Abstract

Background: Cytogenetic evaluation, especially using fluorescence in situ hybridization (FISH), at the time of diagnosis is essential for initial risk stratification and the employment of risk-adapted treatment strategies in multiple myeloma. Little is known about the occurrence and prognostic significance of cytogenetic evolution during follow up.

Methods: We studied 433 patients who were diagnosed with multiple myeloma between January 2000 and December 2011 and had at least two FISH evaluations at Mayo Clinic Rochester, including the diagnostic specimen. Bone marrow aspirates were evaluated for deletions, monosomies, trisomies, and tetrasomies using chromosome- or centromere-specific FISH probes. IGH rearrangements were evaluated using an IGH break-apart probe and up to five potential partners (FGFR3, CCND1, CCND3, MAF, and MAFB). Cytogenetic evolution was defined as a new deletion, monosomy, trisomy, tetrasomy, or translocation during follow up. Multivariable-adjusted logistic regression models were used to assess the associations between the parameters of interest and the presence of cytogenetic evolution in follow-up specimens. Multivariable-adjusted Cox proportional hazards models were used to assess the effect of cytogenetic evolution on overall survival. All models were adjusted for sex, age, the presence of high-risk FISH abnormalities, and the number of abnormalities at the time of diagnosis. Likelihood ratio tests were used to assess the goodness of fit of nested models. The χ2 or Fisher's exact test was used to assess the distribution of cytogenetic abnormalities in subgroups.

Results: The median age at diagnosis was 60 years (32 - 82), 264 (61%) of the patients were male. The median overall survival for the entire cohort was 7.0 years (6.2 - 7.8). At the time of diagnosis, 150 (35%) and 57 (13%) of the 433 patients presented with a hyperdiploid karyotype and cytogenetic high-risk abnormalities, respectively. Independent of each other, the presence of a translocation at the time of diagnosis was associated with decreased odds of cytogenetic evolution during follow up (OR 0.39, 95% CI 0.24 - 0.63, p < 0.001) while the presence of at least one trisomy or tetrasomy at the time of diagnosis was associated with increased odds (OR 2.53, 95% CI 1.37 - 4.70, p = 0.003). A greater proportion of patients presenting with a hyperdiploid karyotype experienced cytogenetic evolution during follow up. Those patients more frequently evolved additional trisomies and tetrasomies, while translocations were more common in those presenting with a non-hyperdiploid karyotype (Table 1). The development of additional abnormalities during the three years following diagnosis (compared to no new abnormalities) was associated with increased subsequent mortality in those who survived at least three years (HR 3.22, 95% CI 1.82 - 5.68, p < 0.001). Including the time between first and last cytogenetic evaluation as a covariate did not significantly change the parameter estimates or improve model fit (p = 0.727).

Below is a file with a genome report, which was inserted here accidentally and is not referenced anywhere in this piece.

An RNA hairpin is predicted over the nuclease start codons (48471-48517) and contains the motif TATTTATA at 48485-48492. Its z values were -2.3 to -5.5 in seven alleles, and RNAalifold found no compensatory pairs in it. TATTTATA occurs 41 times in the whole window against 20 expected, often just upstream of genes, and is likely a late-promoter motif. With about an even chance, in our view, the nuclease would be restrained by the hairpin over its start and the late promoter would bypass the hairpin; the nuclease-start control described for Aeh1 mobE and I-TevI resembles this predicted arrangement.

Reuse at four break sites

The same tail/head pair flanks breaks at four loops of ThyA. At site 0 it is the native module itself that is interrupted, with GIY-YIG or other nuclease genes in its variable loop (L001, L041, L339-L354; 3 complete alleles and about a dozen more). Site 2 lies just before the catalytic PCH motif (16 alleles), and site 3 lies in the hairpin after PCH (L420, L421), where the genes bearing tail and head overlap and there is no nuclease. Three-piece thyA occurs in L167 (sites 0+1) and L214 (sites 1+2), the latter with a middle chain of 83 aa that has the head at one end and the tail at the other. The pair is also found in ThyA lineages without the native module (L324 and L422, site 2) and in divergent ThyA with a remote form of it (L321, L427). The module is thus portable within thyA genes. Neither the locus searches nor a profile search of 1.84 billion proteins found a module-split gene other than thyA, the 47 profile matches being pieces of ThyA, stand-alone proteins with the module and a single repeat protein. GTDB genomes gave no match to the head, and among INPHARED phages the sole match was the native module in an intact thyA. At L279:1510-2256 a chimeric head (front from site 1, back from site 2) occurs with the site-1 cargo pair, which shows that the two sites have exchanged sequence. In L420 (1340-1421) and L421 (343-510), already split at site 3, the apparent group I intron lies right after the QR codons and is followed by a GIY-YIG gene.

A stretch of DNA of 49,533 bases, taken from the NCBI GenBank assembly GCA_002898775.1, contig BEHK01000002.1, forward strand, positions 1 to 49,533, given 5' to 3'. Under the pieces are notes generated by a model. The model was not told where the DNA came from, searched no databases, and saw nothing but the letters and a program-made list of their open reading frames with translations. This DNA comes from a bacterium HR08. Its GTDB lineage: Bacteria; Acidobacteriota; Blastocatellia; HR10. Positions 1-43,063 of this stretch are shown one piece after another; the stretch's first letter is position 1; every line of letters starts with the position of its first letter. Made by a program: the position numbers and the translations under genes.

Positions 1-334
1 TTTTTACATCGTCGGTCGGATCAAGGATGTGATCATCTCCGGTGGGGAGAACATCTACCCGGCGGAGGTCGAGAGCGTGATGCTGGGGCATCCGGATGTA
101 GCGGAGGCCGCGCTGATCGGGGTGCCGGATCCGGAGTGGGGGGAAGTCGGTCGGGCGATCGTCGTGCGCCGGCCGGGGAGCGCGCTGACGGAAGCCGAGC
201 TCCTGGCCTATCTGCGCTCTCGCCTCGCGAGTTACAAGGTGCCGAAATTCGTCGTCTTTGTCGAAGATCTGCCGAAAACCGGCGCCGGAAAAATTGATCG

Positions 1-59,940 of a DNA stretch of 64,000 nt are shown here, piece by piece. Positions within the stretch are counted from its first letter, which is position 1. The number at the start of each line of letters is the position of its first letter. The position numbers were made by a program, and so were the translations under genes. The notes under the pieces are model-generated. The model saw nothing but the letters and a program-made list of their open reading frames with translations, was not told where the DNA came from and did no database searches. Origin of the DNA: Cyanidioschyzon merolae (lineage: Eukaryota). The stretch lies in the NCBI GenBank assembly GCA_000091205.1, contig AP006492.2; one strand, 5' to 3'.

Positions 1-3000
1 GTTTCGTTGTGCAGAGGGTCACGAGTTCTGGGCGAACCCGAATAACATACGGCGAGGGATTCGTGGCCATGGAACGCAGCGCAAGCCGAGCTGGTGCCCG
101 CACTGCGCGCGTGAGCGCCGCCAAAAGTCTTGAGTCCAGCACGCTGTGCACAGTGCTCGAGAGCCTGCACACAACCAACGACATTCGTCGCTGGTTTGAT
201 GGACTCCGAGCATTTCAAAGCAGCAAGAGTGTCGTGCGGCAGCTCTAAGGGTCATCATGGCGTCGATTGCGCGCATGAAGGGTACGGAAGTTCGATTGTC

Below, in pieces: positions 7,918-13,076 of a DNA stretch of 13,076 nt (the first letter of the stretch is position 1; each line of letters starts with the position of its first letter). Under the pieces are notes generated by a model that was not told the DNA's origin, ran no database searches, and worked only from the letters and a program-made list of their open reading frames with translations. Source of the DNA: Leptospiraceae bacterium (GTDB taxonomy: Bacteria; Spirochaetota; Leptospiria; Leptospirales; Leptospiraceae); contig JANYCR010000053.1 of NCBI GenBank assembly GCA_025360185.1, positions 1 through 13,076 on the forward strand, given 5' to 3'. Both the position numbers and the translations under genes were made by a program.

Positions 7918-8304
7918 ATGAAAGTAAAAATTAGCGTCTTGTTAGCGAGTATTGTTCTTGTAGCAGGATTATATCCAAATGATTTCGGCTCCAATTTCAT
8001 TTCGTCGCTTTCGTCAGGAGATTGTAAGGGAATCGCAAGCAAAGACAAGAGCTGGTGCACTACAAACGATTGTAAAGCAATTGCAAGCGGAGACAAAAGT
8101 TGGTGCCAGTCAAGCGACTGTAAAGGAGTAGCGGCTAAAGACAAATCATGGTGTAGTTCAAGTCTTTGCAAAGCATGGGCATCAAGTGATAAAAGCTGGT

Conclusions: Demographics, risk profile, and overall survival of this cohort reflect the fact that patients had to survive long enough to undergo repeated cytogenetic evaluation. Hyperdiploid and non-hyperdiploid genotypes were associated with distinct behavior regarding cytogenetic evolution during follow up. The identification of cytogenetic evolution was an adverse prognostic factor in those who survived at least three years after diagnosis. These findings emphasize the importance of the dynamics of the underlying clonal disease process for accurate risk assessment and suggest that selected subgroups of patients may benefit from risk stratification during follow up.

Table 1.

Cytogenetic evolution during follow up in 433 patients with multiple myeloma stratified by karyotype at the time of diagnosis

 Hyperdiploid
(n = 150) 
Non-hyperdiploid
(n = 283) 
New abnormality 76 (51%) 108 (38%) 0.012 
New monosomy 8 (5%) 24 (8%) 0.243 
New trisomy 48 (32%) 55 (19%) 0.004 
New tetrasomy 37 (25%) 27 (10%) < 0.001 
New deletion 17 (11%) 27 (10%) 0.557 
New translocation 1 (1%) 11 (4%) 0.065 
Most common new abnormality [type (percent of type in each group)] 
Monosomy mono(13) (75%) mono(13) (62%)  
Trisomy tri(11) (22%) tri(3) (22%)  
Tetrasomy tetra(15) (48%) tetra(15) (30%)  
Deletion del(17p) (79%) del(17p) (63%)  
Translocation t(11;14) (100%) t(11;14) (36%)  
Data are given as count (percent) unless denoted otherwise. 
 Hyperdiploid
(n = 150) 
Non-hyperdiploid
(n = 283) 
New abnormality 76 (51%) 108 (38%) 0.012 
New monosomy 8 (5%) 24 (8%) 0.243 
New trisomy 48 (32%) 55 (19%) 0.004 
New tetrasomy 37 (25%) 27 (10%) < 0.001 
New deletion 17 (11%) 27 (10%) 0.557 
New translocation 1 (1%) 11 (4%) 0.065 
Most common new abnormality [type (percent of type in each group)] 
Monosomy mono(13) (75%) mono(13) (62%)  
Trisomy tri(11) (22%) tri(3) (22%)  
Tetrasomy tetra(15) (48%) tetra(15) (30%)  
Deletion del(17p) (79%) del(17p) (63%)  
Translocation t(11;14) (100%) t(11;14) (36%)  
Data are given as count (percent) unless denoted otherwise. 

Disclosures

Binder:American Society of Hematology: Research Funding. Kumar:AbbVie: Research Funding; Onyx: Research Funding; Sanofi: Research Funding; Celgene, Millenium, Sanofi, Skyline, BMS, Onyx, Noxxon,: Other: Consultant, no compensation,; Skyline, Noxxon: Honoraria; Millenium/Takeda: Research Funding; Janssen: Research Funding; Celgene: Research Funding.

Author notes

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Asterisk with author names denotes non-ASH members.